2010-11 Catalog

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Offering Description

Writing the New Journalism - Creative Nonfiction

Fall and Winter quarters

Faculty: Thomas Foote

Fields of Study: communications, field studies, literature and writing

Fall: CRN (Credit) Level 10462 (16) Fr; 10463 (16) So - Sr  Conditions    

Winter: Enrollment Accepting New Students  CRN (Credit) Level 20362 (16) Fr; 20363 (16) So - Sr  Conditions Students wishing to join this program should be prepared to meet the challenge of producing a Creative Nonfiction piece suitable for publication by the end of the quarter.  Incoming students will need to learn how to get the reader's attention using metaphor, simile, detailed description and other literary devices which help drive the narrative. They should expect some additional work in the first few weeks to help integrate them fully into the program.  

Credits: 16(F); 16(W)

Class Standing: Freshmen - Senior; 25% of the seats are reserved for freshmenFreshmen - Senior

Offered During: Day


Writers have come to realize that the genre of nonfiction writing can be as colorful and gripping as any piece of fiction. The difference is that nonfiction writers are not burdened with inventing characters, dialogue, plot and description because everything they write about actually happened. Creative Nonfiction writers assemble the facts and events and array them artistically and stylistically, using the descriptive techniques of the fiction writer. They immerse themselves in a venue, set about gathering their facts while demonstrating scrupulous accuracy, and then write an account of what happened in their own voice. The Greyhound Bus Company advertised, “getting there is half the fun.” In the genre of Creative Nonfiction, getting there is all the fun because the reader already knows how the piece ends before it begins. Students will become proficient with the form through intensive fieldwork, research and writing.

We will begin by studying field research methodology in preparation for observational studies in the field designed to teach the difference between looking and truly seeing. Students can’t write and describe something they can’t see clearly. Betty Edwards in Drawing On the Right Side of the Brain writes, “drawing is not really very difficult. Seeing is the problem, or, to be more specific, shifting to a particular way of seeing.” Edwards teaches that if you could see it, you could draw it. Students in this program will do a lot of looking with the goal of eventually seeing what they’re looking at. Like documentary filmmakers, we will pay particular attention to visual metaphor.  Students will conduct field research to learn to pay attention to detail, read and discuss representative examples of the form, and meet weekly in regularly scheduled writing workshop.   Following a period of redrafting and corrections, students will present their final piece to the group in the last week of Fall quarter. They will submit this polished piece for publication in a magazine or journal.  We will read and discuss Creative Nonfiction pieces written by noted authors. A partial book list includes, Into the Wild, by John Krakauer, The Perfect Storm, by Sebastian Junger, Midnight in the Garden of Good and Evil, by John Berendt, Number Our Days, by Barbara Myerhoff. Other readings will be added.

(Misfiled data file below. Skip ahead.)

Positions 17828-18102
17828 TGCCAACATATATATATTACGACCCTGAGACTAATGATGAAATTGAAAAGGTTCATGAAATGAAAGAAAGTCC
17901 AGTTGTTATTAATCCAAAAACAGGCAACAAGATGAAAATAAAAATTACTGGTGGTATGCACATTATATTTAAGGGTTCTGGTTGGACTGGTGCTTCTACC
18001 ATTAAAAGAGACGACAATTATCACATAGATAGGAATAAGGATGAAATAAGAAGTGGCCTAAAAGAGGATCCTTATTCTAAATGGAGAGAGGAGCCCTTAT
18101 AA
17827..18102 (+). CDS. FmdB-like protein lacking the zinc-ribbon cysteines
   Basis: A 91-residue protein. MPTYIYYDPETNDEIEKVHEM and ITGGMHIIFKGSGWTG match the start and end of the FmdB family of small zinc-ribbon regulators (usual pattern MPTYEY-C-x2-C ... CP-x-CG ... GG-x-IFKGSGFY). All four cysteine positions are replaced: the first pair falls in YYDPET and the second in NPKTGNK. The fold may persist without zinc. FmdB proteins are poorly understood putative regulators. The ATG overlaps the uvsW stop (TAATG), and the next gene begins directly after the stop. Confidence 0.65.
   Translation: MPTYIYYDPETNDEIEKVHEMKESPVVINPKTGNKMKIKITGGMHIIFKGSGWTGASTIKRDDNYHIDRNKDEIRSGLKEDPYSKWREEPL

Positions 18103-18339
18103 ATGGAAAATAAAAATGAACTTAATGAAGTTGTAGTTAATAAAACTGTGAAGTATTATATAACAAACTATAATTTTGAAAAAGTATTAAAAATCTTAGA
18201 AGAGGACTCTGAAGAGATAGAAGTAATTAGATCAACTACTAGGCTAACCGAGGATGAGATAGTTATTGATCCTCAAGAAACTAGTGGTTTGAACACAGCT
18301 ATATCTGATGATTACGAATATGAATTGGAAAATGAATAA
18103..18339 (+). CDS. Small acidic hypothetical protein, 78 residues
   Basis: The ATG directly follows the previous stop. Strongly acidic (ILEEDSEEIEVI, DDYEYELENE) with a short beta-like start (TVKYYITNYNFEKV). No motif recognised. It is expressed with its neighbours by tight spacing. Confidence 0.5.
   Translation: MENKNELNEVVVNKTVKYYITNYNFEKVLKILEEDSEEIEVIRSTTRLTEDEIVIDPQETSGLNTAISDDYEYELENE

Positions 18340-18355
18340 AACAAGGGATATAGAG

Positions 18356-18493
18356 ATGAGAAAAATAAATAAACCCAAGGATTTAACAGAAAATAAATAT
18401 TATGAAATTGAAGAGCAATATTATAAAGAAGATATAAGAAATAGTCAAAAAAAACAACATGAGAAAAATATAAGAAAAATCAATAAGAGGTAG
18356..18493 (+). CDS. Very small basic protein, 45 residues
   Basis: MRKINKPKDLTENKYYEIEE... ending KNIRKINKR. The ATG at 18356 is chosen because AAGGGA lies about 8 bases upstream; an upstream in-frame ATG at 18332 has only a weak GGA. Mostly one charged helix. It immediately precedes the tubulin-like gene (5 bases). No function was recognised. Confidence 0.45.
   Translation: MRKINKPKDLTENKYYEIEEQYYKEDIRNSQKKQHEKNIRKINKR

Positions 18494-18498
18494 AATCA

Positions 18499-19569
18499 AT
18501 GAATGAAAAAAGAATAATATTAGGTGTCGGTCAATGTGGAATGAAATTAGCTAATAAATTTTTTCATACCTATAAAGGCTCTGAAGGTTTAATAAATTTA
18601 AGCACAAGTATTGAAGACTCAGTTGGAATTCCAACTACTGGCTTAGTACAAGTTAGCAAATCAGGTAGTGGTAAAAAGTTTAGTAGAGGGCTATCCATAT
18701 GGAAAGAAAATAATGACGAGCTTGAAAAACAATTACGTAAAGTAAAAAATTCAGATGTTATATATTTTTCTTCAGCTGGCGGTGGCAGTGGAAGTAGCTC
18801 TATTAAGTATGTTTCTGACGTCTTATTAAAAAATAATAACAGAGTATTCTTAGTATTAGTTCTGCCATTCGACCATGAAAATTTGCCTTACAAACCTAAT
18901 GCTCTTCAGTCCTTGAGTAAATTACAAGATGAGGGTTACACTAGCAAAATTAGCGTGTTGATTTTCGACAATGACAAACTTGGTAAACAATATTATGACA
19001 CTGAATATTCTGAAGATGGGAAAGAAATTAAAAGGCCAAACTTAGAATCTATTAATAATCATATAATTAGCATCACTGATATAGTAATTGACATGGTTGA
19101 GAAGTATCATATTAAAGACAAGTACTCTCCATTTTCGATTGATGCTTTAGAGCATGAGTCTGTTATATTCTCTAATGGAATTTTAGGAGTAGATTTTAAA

In Winter quarter, we will continue our study of Creative Non-Fiction and sharpen our sensitivity to literary techniques through reading and discussing representative pieces by noted authors such as, Susan Orlean, Mitch Albom, Greg Mortenson and Hunter S. Thompson. Students will spend much of their time working on their individual Major Nonfiction Narrative. This form allows the use of first-person narration, demands careful attention to detail, and requires the writer to be immersed in a subject area over an extended period of time. Students will immerse themselves in a venue of their choice, subject to approval by the faculty, which will provide the subject matter for their Narrative. We will also use the Ethnographic field research techniques of analysis and interpretation to add depth to the narrative. Following a period of redrafting and corrections, students will polish the final piece and send it out for publication.

Maximum Enrollment: 24

Preparatory for studies or careers in: creative writing, creative nonfiction, the humanities, and journalism.

Campus Location: Olympia

Online Learning: No Required Online Learning

Books: www.tescbookstore.com

Program Revisions

Date Revision
November 8th, 2010 This program has been extended into winter quarter; the description has been updated.